British Columbia

B.C. family declared 'vexatious litigants' can no longer file legal action without judge's permission

Tong (Heintz) Sun, his father Jinzhong Sun and his mother Lizhun Zhao will no longer be allowed to launch legal actions without first getting permission from a judge.

Tong Sun, Jinzhong Sun, Lizhun Zhao filed numerous claims against Airbnb hosts, Mercedes, among several others

Tong 'Heintz' Sun and his parents will have to seek leave from a judge before filing any new legal claims, following a decision by a B.C. Supreme Court justice. (Ben Nelms/CBC)

The B.C. family behind a mountain of lawsuits related to matters like multiple failed Airbnb listings and a leased cargo van involved in an alleged crime spree are no longer allowed to launch legal actions without permission from a judge.

Tong (Heintz) Sun, his father Jinzhong Sun and his mother Lizhun Zhao were declared "vexatious litigants" by a B.C. Supreme Court judge in a decision posted online last week.

Justice Shelley Fitzpatrick wrote in her Nov. 30 judgment that she'd seen strong evidence of abuse of process by the family in their numerous self-represented civil claims against homeowners, the City of Burnaby, the B.C. government, a Richmond furniture store, King's College of London and Mercedes-Benz.

"Many of the claims have been simply duplicated and refiled under a different action number despite that the claims were substantially advanced in earlier actions," Fitzpatrick said.

"There is also evidence that the Sun parties repeatedly schedule applications and then adjourn them with little notice. There is evidence that, on many occasions, Heintz failed to attend hearings when scheduled."

A vexatious litigant is, by definition, someone who repeatedly files unfounded legal actions for improper purposes, which could include harassment.

In this case, the vexatious litigant ruling stems from three separate claims Tong (Heintz) Sun and his parents have filed against entities connected with Mercedes-Benz. Lawyers for five other targets of the family's lawsuits were represented during hearings on the matter.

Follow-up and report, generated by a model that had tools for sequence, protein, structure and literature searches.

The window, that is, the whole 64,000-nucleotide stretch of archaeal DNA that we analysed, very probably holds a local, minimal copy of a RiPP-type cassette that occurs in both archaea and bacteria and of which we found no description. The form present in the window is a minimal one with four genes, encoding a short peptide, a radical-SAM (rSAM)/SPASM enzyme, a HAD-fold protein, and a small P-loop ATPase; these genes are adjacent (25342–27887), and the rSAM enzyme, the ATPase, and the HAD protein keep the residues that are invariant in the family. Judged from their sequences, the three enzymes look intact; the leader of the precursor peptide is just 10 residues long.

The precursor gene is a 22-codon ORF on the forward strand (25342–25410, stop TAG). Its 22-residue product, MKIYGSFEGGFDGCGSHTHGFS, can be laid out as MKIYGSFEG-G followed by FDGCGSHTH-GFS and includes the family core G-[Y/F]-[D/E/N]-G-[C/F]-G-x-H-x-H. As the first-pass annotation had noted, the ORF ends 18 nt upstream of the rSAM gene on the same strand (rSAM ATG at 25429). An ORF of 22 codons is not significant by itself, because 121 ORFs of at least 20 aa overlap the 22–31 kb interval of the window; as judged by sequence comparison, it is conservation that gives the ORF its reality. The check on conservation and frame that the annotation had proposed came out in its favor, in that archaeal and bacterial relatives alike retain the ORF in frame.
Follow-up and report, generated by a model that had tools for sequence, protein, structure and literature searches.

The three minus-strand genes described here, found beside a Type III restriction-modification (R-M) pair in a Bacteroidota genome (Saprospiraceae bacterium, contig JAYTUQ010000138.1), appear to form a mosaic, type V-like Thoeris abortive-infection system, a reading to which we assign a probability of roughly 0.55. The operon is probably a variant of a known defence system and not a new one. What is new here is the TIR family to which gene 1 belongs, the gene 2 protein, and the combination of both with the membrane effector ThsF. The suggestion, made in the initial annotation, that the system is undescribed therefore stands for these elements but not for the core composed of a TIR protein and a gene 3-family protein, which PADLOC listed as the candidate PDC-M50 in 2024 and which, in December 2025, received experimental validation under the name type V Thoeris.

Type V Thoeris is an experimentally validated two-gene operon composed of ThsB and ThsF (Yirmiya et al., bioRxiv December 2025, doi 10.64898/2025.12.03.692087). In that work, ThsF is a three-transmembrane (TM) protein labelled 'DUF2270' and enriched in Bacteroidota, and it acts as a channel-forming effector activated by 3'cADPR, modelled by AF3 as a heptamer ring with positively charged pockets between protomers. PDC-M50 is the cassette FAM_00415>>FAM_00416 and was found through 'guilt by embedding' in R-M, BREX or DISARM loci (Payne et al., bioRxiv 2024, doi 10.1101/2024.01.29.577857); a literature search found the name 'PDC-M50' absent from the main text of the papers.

"Mercedes asserts in its materials that, if the Sun parties are not declared vexatious litigants, they will continue to bring court proceedings which serve no purpose but to waste the time and resources of the courts and the defendants," Fitzpatrick said.

The judge also noted that the car company had described many of the family's claims as "fanciful."

"The Sun parties are seeking damage claims in the billions of dollars which, on the face of the claims themselves, would appear to be highly unlikely," Fitzpatrick said.

Leased van linked to window-smashing spree

The family's claims against Mercedes-Benz were filed after the car company determined Sun had breached the terms of his lease on a Metris cargo van when it was seized by Vancouver police, court documents show.

Sun was arrested in April 2020 on suspicion of smashing car windows at multiple auto dealerships and then fleeing in the cargo van. An application filed in B.C. Supreme Court by the car company alleges officers had to use a spike strip and then pin the Metris between police vehicles to get it to stop, causing serious damage to the van.

Sun faces several criminal charges in connection with that incident and is currently awaiting trial.

Sun filed suit against the owners of this Burnaby house after they cancelled his lease in response to a warning from the city about bylaw violations. (Google Street View)

Sun and his parents have also filed claims against the owners of at least three Lower Mainland homes he says he leased with the intention of listing them on short-term rental sites like Airbnb.

Those listings floundered for a variety of reasons, including poor reviews from guests and bylaw infractions, according to court documents. Sun has claimed the owners are responsible for the losses he's suffered as a result.

At least one of those lawsuits backfired, ending with Sun being ordered to pay $550 in legal expenses to the owners of a Burnaby home where an Airbnb listing was shut down by the city.

According to Fitzpatrick's judgment, Sun did not appear in court for the vexatious litigant hearings, but his parents attended.

Zhao objected to Mercedes-Benz's application for special costs to be awarded against her family — and to the ruling in general.

"I object. We are not the vexatious litigant. We have the reasonable plan," she told the court.

The judge ordered that ordinary costs be levelled against the family instead. The judgment does not include a dollar amount.

ABOUT THE AUTHOR

Bethany Lindsay

Journalist

Bethany Lindsay is a B.C. journalist with a focus on the courts, health, science and social justice issues. Questions or news tips? Get in touch at bethany.lindsay@cbc.ca or on Twitter through @bethanylindsay.

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